Walter Raney, Longtime L.A. Drama Coach, Dies at 79

Walter Raney
Courtesy Leanne Rayman

Walter Raney

He mentored the likes of Jason Patric, Amy Jo Johnson and John Larroquette during his career.

Walter Raney, a onetime Fox casting director who ran a Los Angeles repertory company and mentored actors including Jason Patric, Amy Jo Johnson and John Larroquette, has died. He was 79.

Raney died Jan. 2 in Los Angeles of natural causes, his niece, Leanne Rayman, told The Hollywood Reporter.

In 1976, Raney produced and directed a Los Angeles production of the Pulitzer Prize- and Tony Award-winning basketball drama That Championship Season after striking up a friendship with playwright Jason Miller. From that, Raney launched the New Theatre League Repertory, a workshop and showcase for new talent in Hollywood.

Raney produced and/or directed plays for Miller around the country for more than two decades, and he taught acting to his son, Patric.

Raney approached Johnson at a diner in Hollywood and encouraged her to keep going as an actress. In a Facebook post, the Felicity and Mighty Morphin Power Rangers star thanked him "for every ounce of confidence you instilled in me. You were a great coach. My life would not have been the same without you."

Born in 1941, Walter James Raney left his hometown of Haverhill, Massachusetts, just shy of his 17th birthday. He worked in regional theater, dinner theater and summer stock around the country and got bit roles on television. In the 1970s, he cast pilots at Fox.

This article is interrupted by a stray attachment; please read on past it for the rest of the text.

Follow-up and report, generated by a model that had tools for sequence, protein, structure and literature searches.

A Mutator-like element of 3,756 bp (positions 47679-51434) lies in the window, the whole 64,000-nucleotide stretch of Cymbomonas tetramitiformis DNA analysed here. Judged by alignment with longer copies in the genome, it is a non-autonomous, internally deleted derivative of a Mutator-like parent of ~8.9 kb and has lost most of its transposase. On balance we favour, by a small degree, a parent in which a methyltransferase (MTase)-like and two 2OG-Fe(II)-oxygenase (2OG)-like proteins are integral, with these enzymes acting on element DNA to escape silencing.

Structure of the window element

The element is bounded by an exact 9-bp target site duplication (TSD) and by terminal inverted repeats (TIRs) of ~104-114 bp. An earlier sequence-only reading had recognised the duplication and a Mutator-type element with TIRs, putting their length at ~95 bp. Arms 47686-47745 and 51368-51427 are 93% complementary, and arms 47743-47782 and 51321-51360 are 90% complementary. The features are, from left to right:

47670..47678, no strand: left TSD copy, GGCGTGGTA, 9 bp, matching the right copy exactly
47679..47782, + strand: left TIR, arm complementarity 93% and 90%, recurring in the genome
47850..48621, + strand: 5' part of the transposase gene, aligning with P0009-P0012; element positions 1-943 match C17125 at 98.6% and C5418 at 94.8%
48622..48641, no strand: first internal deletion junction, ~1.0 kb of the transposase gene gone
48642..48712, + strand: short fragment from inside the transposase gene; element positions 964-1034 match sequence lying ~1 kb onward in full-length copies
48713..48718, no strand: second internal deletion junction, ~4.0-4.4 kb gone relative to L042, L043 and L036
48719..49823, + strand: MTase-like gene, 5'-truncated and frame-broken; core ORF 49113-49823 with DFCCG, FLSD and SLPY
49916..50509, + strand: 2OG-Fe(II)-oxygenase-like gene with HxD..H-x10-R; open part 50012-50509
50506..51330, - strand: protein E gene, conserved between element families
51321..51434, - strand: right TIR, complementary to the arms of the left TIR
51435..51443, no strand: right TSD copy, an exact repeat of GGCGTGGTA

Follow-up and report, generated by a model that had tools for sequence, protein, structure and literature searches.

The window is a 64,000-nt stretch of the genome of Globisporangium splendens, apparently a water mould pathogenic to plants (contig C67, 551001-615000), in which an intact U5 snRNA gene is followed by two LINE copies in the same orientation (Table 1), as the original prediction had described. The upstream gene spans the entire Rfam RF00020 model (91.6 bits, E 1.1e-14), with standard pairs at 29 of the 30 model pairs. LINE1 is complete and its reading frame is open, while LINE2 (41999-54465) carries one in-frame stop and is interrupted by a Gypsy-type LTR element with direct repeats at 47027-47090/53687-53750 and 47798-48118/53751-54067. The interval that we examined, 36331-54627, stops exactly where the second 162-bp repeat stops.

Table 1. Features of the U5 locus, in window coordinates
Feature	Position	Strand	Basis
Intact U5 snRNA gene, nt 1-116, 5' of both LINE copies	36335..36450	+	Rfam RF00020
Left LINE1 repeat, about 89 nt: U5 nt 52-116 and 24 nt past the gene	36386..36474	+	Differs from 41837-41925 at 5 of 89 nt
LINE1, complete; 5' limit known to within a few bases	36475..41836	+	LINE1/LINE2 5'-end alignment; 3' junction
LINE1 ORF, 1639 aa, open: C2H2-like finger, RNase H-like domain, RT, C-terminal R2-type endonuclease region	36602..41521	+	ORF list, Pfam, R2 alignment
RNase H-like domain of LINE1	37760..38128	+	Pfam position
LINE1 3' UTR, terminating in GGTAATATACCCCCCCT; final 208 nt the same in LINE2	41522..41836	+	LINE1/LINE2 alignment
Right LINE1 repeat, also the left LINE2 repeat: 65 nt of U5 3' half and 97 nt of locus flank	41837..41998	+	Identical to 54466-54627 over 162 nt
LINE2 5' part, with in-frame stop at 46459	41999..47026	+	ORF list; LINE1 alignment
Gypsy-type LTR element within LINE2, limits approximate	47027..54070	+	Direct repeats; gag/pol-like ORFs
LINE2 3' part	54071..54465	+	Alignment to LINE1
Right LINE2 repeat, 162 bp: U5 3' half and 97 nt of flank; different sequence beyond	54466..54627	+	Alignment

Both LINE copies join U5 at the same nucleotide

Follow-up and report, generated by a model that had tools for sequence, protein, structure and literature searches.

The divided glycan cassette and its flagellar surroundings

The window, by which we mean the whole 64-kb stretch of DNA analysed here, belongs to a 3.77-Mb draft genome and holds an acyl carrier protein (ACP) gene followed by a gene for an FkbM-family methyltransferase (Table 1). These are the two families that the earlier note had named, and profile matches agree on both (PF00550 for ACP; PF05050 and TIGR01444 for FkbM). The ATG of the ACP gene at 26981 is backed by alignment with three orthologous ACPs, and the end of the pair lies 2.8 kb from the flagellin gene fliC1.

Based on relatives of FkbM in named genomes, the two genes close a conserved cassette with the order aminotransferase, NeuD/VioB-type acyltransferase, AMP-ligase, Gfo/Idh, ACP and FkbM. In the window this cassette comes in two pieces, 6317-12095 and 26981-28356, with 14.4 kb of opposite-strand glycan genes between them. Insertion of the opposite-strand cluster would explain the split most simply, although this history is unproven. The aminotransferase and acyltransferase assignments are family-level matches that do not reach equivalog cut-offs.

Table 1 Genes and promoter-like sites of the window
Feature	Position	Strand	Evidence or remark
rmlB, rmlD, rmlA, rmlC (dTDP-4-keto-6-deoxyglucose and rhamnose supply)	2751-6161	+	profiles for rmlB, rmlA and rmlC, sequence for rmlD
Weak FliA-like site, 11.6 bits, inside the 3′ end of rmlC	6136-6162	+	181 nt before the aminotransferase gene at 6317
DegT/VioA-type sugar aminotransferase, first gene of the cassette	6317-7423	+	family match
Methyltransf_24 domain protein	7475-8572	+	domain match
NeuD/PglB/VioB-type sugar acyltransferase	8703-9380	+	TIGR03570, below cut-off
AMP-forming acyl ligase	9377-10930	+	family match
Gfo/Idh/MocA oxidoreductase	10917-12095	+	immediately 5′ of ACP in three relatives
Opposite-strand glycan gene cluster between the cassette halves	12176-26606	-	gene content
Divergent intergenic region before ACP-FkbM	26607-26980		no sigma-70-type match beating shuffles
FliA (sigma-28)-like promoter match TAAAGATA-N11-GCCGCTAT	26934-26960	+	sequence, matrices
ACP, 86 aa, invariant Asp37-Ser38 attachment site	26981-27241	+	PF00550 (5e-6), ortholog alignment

Raney later worked with William Peter Blatty (The Exorcist) to direct a stage version of the author's novel The Ninth Configuration and was hired by Jerome Lawrence (Mame, Inherit the Wind) to helm a play about the tragic personal life of explorer Jacques Cousteau.

At the New Theatre League Repertory, Raney also helped boost the acting careers of future General Hospital stars Sarah Brown and Kin Shriner, Walter Jones and Thuy Trang of Power Rangers fame and Mary Hart.

"The hardest thing to teach an actor is how not to act," he once said. "Essentially, you always play yourself. You just lock into some deeper aspect of yourself, the good, bad or ugly, so to speak. For a director, the most difficult thing to learn is when to shut up, when to get out of the way and not invade a talented actor's intuition, even if it's not precisely what you envision for the part."